Plati described last week's security collapse as a "poignant reminder" of the consequences for any breakdown.
"We have a zero-fail mission," he said. "We feel we are prepared to address the challenges presented by that day."
Though Plati did not address specific threats posed to the inauguration, the FBI warned authorities of the possibility of armed demonstrations on Inauguration Day in Washington and in state capitals in the run-up to the swearing-in of the new president.
A suburban Chicago man, Louis Capriotti, was arrested Tuesday on a federal criminal charge on suspicion of threatening violence at the inauguration.
Washington D.C. Mayor Muriel Bowser, who has urged people not to travel to Washington for the inauguration, said Wednesday that security measures could affect transportation including the Metro rail service operated by the Washington Metropolitan Area Transit Authority.
That’s in addition to road closures already in effect and future blockades that could be announced closer to Inauguration Day.
“To use the overused word, that is not unprecedented,” Bowser said, pointing to similar security measures during the 2009 inauguration of President Barack Obama.
Earlier this week, Bowser requested that President Donald Trump declare an emergency declaration ahead of the inauguration, which his administration executed Monday. She also asked the U.S. Interior Department, which oversees federal parks, to cancel all public gathering permits and deny all applications through Jan. 24.
“Those discussions we continue with the Department of Interior,” she said.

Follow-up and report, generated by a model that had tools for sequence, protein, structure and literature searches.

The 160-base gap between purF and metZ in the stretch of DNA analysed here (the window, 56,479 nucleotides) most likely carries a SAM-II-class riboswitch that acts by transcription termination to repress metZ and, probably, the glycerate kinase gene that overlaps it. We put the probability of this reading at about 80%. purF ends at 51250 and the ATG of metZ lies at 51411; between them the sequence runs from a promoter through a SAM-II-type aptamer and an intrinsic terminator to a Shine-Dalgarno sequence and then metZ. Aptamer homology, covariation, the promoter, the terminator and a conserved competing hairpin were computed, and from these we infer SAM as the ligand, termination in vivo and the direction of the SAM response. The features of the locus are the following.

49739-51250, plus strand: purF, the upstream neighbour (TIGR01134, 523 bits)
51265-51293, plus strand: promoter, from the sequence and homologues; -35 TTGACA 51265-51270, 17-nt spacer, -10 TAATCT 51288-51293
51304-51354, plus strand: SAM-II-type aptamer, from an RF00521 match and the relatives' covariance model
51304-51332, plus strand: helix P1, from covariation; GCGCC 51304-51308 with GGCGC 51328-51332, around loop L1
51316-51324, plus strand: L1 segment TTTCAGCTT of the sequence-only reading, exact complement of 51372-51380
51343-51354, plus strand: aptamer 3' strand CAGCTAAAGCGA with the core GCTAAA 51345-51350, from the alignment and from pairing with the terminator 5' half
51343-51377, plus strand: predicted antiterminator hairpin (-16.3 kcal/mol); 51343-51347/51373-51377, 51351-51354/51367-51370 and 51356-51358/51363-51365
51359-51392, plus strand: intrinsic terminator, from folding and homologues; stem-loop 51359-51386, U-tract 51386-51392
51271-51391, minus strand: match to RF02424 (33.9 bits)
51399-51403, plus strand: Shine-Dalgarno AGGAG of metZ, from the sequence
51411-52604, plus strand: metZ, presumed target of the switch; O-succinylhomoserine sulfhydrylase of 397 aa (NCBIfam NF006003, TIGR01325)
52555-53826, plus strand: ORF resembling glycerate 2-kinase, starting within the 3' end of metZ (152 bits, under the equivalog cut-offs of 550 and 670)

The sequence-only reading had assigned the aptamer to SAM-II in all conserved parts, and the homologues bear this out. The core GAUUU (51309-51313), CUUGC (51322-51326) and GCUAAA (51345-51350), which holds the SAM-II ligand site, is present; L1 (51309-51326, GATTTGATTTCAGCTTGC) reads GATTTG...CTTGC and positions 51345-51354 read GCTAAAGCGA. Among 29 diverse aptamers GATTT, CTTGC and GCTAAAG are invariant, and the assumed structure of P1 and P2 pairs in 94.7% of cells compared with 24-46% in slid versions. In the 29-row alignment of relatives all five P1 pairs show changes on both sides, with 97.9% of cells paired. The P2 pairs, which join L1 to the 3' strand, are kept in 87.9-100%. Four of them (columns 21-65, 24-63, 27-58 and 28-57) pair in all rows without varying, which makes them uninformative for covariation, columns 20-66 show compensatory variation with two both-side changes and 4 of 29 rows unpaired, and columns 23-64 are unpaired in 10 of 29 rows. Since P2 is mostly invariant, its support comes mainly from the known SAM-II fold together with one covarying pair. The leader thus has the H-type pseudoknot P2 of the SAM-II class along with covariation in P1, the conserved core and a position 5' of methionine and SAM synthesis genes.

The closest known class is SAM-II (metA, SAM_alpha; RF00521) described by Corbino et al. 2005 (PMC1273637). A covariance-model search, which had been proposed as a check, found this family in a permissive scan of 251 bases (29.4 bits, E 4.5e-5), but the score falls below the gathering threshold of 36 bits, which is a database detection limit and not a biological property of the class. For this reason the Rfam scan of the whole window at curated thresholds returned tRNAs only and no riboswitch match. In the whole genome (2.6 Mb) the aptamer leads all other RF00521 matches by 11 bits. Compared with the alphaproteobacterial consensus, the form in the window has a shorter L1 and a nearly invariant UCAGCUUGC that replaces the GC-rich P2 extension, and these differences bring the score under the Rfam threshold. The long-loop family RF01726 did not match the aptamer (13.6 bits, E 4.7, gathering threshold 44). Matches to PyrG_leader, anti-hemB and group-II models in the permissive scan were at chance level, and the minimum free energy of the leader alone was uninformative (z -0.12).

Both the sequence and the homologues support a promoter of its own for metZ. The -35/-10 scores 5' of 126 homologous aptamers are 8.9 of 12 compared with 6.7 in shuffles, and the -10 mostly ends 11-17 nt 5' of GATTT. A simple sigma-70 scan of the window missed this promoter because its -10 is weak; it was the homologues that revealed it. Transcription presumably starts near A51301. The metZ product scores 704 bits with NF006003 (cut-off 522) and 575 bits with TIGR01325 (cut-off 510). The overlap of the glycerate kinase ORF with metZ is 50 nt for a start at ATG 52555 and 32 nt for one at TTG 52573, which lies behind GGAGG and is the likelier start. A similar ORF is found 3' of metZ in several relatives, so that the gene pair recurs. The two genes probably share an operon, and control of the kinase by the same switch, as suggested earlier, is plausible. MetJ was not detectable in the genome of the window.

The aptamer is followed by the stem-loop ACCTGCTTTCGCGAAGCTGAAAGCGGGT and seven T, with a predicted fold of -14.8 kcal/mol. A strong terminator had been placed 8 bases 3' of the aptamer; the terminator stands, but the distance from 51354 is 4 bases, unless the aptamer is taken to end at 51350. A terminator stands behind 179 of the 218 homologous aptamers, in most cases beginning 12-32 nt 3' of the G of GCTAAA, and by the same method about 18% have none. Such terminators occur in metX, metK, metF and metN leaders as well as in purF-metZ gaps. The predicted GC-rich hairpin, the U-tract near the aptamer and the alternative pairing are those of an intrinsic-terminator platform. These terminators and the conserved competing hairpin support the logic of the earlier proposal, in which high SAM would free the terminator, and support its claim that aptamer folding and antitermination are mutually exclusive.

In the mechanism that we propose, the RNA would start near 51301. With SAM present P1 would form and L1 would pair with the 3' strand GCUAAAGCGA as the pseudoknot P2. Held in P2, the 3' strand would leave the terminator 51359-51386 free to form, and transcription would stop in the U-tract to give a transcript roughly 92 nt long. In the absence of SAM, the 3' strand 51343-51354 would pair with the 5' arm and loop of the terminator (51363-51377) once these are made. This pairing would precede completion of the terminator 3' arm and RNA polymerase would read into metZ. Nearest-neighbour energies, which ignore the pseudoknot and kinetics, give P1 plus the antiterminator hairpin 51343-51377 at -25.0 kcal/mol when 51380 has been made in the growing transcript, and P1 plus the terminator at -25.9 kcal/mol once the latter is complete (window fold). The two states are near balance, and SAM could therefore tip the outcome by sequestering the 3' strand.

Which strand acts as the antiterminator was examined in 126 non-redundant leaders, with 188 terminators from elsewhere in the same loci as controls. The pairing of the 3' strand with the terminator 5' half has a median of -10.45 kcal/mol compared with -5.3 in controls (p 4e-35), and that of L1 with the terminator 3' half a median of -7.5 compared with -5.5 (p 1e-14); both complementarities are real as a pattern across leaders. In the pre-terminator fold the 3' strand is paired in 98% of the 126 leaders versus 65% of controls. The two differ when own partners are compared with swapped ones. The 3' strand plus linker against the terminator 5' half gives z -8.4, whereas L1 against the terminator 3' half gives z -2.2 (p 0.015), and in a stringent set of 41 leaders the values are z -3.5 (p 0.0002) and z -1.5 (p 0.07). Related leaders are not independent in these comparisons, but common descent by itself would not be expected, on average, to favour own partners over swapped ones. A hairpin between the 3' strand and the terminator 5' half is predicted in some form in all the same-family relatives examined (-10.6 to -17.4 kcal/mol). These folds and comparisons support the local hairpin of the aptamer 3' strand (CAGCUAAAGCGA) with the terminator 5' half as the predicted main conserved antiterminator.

Washington D.C. Police Chief Robert Contee, a veteran of the department, said he’s never seen the level of law enforcement expected for the inauguration. He said he expects more than 20,000 National Guard members in the District of Columbia.
“I remain concerned. I’ve been concerned before today and will be through this weekend and beyond,” Contee said. “We take this seriously. We’re just intently focused on the job that’s on hand.”
Bowser was the subject of threats last week, according to a court filing made public Wednesday in the Justice Department’s case against Cleveland Meredith, one of the rioters charged in the Jan. 6 Capitol attack.
The day after the riot, according to prosecutors, Meredith texted to an unidentified individual, “I may wander over to the Mayor’s office and put a 5.56 in her skull …” He’s accused of making similar comments about House Speaker Nancy Pelosi.
Bowser did not respond directly to the threat when asked by reporters. “I will say, I get threats a lot,” she said, adding that D.C. police will implement any security measures that are necessary.
The heavy security preparations were being carried out across the city as the House weighed the second impeachment of Trump, who lawmakers have accused of inciting last week's violent attack.
Contributing: Tom Vanden Brook
This article originally appeared on USA TODAY: Homeland Security expedites Washington lockdown ahead of inauguration